In our study, the IOL calculation accuracy of 20 formulae (Haigis-L, Shammas, Barrett True-K [no history], WKM, TCRP 3 and 4 mm [SRK-T, Haigis], TNP 3, 4, and 5 mm [SRK-T, Haigis], and TRP 3, 4, and 5 mm [SRK-T, Haigis]) were analyzed and compared. The best K readings as measured using the Pentacam system were with TCRP 4 mm and TRP 4 mm. Especially, the TCRP (4 mm, Haigis) and TRP (4 mm, Haigis) methods provided comparably accurate IOL predictions for numeric PE (0.00 ± 1.09 and 0.03 ± 1.25 D, respectively), absolute PE (0.82 ± 0.7 and 0.89 ± 0.86 D, respectively), and the percentage of eyes within ±0.5 D (42.6% and 31.5%, respectively) and ±1.0 D (70.4% and 72.2%, respectively) of the refractive PE. Furthermore, there were no significant differences between the Haigis-L and Barrett True-K methods (

In our study, additional subgroup analysis revealed that using the same formula, IOL calculations for eyes with relatively long axial length and low corneal power (K) tended to be less accurate. This is important for especially long eyes, which are more likely to undergo refractive surgery because of myopia.

Limitations of this study include the use of different IOL models, specifically the Tecnis and AcrySof IQ monofocal IOL. However, as can be seen from the mean numeric and absolute PE calculations, there was no statistically significant differences between the two different IOLs (

We analyzed 20 formula combinations in our study. The most accurate method was the Haigis-L, with 85.7% of eyes within ±1.0 D of target refraction. TCRP (4 mm, Haigis) and TRP (4 mm, Haigis) predicted between 70.4% and 72.2% of eyes within ±1.0 D of target refraction without the use of prior clinical data. Only the Haigis-L and Barrett True-K (no history) methods were more accurate than TCRP and TRP among the 20 formulae. With regard to measurement of corneal power using the Pentacam, TCRP 4 mm (Haigis) and TRP 4 mm (Haigis) may possibly be useful for corneal power calculations and IOL power calculations in post-refractive surgery patients with no pre-operative clinical data available. Additional research is needed to improve the accuracy of IOL calculation methods based on regression formulae to modify corneal power using the Pentacam system (TCRP and TRP) with the Haigis formula.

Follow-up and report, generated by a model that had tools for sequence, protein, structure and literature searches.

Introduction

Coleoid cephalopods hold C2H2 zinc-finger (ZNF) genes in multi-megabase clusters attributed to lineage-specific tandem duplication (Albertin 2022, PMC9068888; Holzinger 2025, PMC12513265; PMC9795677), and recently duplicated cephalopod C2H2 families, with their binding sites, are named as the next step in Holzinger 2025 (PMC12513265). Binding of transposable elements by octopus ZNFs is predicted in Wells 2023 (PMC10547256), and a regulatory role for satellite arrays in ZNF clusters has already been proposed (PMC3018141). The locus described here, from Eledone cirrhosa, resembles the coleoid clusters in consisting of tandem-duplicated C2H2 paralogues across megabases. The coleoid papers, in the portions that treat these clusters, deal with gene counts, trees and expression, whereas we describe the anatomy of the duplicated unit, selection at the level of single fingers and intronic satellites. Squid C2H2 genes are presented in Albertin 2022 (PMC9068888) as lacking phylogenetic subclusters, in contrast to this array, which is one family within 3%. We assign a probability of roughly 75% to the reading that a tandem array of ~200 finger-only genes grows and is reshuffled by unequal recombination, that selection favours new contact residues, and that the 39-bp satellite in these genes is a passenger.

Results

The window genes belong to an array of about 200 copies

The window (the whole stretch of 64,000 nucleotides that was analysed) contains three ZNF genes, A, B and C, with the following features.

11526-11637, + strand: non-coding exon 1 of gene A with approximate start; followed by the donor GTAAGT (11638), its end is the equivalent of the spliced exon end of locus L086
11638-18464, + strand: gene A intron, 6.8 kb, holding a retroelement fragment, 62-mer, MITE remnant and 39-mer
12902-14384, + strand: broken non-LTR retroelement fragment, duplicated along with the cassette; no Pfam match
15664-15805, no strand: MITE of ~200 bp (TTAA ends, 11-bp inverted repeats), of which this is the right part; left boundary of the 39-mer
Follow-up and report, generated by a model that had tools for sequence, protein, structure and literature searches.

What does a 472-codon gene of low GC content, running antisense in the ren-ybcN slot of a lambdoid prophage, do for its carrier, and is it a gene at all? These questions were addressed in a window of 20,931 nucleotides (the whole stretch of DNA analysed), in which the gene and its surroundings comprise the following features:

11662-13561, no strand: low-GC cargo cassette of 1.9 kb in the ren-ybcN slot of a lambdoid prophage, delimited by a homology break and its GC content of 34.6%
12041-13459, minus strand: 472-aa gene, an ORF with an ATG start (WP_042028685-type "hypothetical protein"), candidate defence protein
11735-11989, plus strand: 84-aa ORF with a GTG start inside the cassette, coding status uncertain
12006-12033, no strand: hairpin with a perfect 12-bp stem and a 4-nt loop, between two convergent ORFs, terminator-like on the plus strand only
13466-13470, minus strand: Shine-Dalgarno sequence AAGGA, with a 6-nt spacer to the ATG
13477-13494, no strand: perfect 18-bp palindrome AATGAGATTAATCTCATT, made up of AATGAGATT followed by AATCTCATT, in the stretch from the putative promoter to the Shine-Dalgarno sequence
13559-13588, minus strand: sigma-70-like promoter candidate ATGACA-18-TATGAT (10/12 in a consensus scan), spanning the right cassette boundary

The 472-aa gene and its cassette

PE = prediction error; D = diopter; TCRP = total corneal refractive power; TNP = true net power; TRP = total refractive power.

^{*}Mean arithmetic PE; ^{†}Mean absolute PE; ^{‡},^{§}Percentages of eyes within ±0.5 and ± 1.0 D of the target refraction.

PE = prediction error; D = diopter; TCRP = total corneal refractive power; TRP = total refractive power.

^{*}Mean arithmetic PE; ^{†}Mean absolute PE; ^{‡},^{§}Percentages of eyes within ±0.5 and ± 1.0 D of the target refraction.

PE = prediction error; D = diopter; TCRP = total corneal refractive power; TRP = total refractive power.

^{*}Mean arithmetic PE; ^{†}Mean absolute PE; ^{‡},^{§}Percentages of eyes within ±0.5 and ± 1.0 D of the target refraction.

PE = prediction error; D = diopter; TCRP = total corneal refractive power; TRP = total refractive power.

^{*}Mean arithmetic PE; ^{†}Mean absolute PE; ^{‡},^{§}Percentages of eyes within ±0.5 and ± 1.0 D of the target refraction.

Values are presented as mean ± standard deviation (range) or number.

OD = right eye; OS = left eye; UCVA = uncorrected visual acuity; logMAR = logarithm of the minimum angle of resolution; BCVA = best-corrected visual acuity; D = diopter; PCI = partial coherence interferometry; ACD = anterior chamber depth; K = keratometry.